Madras High Court quashes land acquisition proceedings for Chennai-Salem expressway

The marathon hearing on the batch of cases had taken place for about six months from June to December when the Division Bench reserved its verdict.

April 08, 2019 11:47 am | Updated 03:22 pm IST - CHENNAI

Opposing the Salem-Chennai eight lane green corridor project, farmers began their fast at Uthamacholapuram in Salem on January 06, 2019.

Opposing the Salem-Chennai eight lane green corridor project, farmers began their fast at Uthamacholapuram in Salem on January 06, 2019.

The Madras High Court on Monday quashed the land acquisition proceedings initiated by the Centre as well as the State Government for the ambitious ₹10,000 crore Chennai-Salem eight-lane greenfield expressway project proposed on a stretch of 277 km passing through agricultural as well as reserve forest land.

A Division Bench of Justices T.S. Sivagnanam and V. Bhavani Subbaroyan quashed the proceedings after holding that environmental clearance was mandatory since the project would have an adverse impact on the environment, including waterbodies, and that a project report submitted by a consultant was not satisfactory.

The judgement was delivered on a batch of cases filed by advocates, farmers and politicians. Prominent among the petitioners was Member of Parliament Anbumani Ramadoss of the Pattali Makkal Katchi, which has now aligned with the BJP-AIADMK in the Lok Sabha election.

The marathon hearing on the cases had taken place from June to December, when the Division Bench reserved its verdict, and several interim orders were passed. The court restrained the government from forcibly dispossessing the land owners from their properties and not to use police force against the protesters.

Centre defends project

The Centre, however, defended the project by stating that the expressway would actually help in preventing release of around 17 crore kg of carbon dioxide into the atmosphere, which is equivalent to the effect achieved through a 38,000 ha forest area with 75 lakh trees.

In a counter-affidavit filed in response to public interest litigation petitions filed by advocate A.P. Suryaprakasam and two others, the Centre said the reduction of carbon dioxide could be achieved by reducing diesel consumption by 10 crore litres per annum. It went on to state that the consumption of diesel would come down considerably because of shortening of travelling distance between Chennai and Salem by 57 km to 75 km.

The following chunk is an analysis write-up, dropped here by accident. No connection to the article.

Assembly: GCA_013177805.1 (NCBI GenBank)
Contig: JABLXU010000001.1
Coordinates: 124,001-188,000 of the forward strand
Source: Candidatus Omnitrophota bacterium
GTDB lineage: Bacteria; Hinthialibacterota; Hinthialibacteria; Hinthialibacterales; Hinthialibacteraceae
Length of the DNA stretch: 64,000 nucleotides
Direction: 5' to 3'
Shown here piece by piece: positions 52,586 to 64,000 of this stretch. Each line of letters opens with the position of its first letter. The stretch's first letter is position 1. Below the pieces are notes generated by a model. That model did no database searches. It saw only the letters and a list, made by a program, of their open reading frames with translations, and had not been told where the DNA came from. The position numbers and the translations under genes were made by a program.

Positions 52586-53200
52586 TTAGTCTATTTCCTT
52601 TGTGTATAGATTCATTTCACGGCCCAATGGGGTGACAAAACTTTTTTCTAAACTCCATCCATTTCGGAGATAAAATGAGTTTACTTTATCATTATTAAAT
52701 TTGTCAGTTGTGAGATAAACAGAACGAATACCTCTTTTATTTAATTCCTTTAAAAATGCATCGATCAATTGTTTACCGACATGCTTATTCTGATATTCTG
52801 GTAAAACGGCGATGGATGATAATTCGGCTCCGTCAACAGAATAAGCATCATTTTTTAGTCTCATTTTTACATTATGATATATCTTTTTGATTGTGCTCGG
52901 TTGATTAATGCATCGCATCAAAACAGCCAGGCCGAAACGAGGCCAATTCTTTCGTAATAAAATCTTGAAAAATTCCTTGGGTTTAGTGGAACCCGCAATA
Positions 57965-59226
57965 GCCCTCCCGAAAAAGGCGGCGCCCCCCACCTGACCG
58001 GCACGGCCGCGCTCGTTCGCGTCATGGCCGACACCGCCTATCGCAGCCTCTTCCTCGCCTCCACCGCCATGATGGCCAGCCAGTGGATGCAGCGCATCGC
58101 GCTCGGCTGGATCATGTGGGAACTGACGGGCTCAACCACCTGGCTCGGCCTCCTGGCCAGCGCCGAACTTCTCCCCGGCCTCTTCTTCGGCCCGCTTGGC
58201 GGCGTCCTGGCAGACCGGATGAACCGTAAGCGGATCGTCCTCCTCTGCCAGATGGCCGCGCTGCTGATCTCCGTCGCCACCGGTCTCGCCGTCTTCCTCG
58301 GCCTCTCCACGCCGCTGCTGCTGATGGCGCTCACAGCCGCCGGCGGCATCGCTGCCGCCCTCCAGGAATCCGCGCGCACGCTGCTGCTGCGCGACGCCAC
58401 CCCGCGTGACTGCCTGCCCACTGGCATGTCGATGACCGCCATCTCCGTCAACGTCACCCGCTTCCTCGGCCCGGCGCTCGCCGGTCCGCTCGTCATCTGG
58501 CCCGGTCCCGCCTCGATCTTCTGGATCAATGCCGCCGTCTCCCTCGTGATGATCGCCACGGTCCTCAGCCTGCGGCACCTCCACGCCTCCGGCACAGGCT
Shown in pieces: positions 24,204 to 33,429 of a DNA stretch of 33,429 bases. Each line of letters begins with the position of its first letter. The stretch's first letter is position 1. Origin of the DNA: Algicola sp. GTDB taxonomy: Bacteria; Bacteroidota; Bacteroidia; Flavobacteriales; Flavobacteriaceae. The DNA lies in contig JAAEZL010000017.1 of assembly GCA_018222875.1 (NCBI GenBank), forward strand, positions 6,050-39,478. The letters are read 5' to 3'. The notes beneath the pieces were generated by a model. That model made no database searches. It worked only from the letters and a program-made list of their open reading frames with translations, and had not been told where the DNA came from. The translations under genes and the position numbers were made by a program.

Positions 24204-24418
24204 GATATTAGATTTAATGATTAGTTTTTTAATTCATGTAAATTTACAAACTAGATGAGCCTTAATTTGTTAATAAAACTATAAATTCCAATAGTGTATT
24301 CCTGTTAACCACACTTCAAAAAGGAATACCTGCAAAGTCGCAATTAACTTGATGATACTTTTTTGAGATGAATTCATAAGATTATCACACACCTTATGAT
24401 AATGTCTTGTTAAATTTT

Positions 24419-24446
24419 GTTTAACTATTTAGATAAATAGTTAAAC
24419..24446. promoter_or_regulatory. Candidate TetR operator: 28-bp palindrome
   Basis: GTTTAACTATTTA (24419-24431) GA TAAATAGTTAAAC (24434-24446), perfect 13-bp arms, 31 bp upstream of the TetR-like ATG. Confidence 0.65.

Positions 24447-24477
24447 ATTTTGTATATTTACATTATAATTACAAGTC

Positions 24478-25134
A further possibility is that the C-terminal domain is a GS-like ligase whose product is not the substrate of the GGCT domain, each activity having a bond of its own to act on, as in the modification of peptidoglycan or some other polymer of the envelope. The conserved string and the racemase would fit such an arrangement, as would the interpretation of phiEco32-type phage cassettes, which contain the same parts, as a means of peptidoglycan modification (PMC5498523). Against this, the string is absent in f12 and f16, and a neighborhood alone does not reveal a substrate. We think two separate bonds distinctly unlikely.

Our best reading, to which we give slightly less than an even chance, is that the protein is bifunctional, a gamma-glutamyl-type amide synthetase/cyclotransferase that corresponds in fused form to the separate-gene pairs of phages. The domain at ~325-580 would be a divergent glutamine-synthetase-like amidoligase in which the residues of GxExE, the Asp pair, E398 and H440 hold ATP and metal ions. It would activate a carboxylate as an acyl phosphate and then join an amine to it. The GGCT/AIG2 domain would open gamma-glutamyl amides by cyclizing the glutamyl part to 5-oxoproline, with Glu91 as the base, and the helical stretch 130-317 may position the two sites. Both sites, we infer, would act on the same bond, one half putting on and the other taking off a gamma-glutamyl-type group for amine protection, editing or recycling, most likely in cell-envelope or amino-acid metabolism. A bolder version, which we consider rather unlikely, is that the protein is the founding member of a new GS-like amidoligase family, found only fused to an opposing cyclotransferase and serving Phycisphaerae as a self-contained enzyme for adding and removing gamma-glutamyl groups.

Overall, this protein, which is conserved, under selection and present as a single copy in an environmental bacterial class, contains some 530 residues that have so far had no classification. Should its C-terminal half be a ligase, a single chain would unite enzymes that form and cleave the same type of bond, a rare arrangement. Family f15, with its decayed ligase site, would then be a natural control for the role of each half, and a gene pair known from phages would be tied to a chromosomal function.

Amit Kumar Ghosh, Joint Secretary, Union Ministry of Road Transport and Highways, who filed the counter-affidavit, said the expressway was part of the Centre’s major road programme known as Bharatmala Pariyojana-I, entailing the construction of about 35,000 km of national highways across the country at an estimated cost of ₹5,35,000 crore before 2022. The programme was aimed at decongesting six national corridors.

According to the official, resorting to brownfield development and widening the existing national highways would be more damaging to the environment than greenfield alignment, because it [brownfield development] would require felling of trees apart from demolishing structures that had come up on both sides of the highways due to urbanisation. He said brownfield development was not resorted to because of ground constraints as well as associated financial and environmental costs.

The two existing highways between Chennai and Salem are 334 km and 353 km long and the proposed expressway would reduce the distance to just 277 km.

'No need to get prior environmental clearance'

The court was also told that there was no need to obtain prior environmental clearance for the project from the Ministry of Environment and Forests, before issuing preliminary land acquisition notifications under Section 3A(1) of the National Highways Act of 1956. “The authority empowered to undertake environment appraisal and clearance cannot do so unless it is made aware of the alignment as borne out from the preliminary land acquisition notifications in this behalf. Further, the land acquisition per se has no impact on the environment impact assessment... These are two altogether different activities and not inter-dependant,” the Centre said. It added that works were being carried out simultaneously to reduce time.

Mr. Ghosh conceded that 9.95 km of reserved forest area had to be acquired for the expressway. “It may kindly be appreciated that such kind of forest stretches are unavoidable in long linear projects and the authorities have taken due care to keep the impact to the barest minimum while finalizing the alignment,” he said, adding that due care would be taken to preserve the waterbodies en route by desilting and deepening them.

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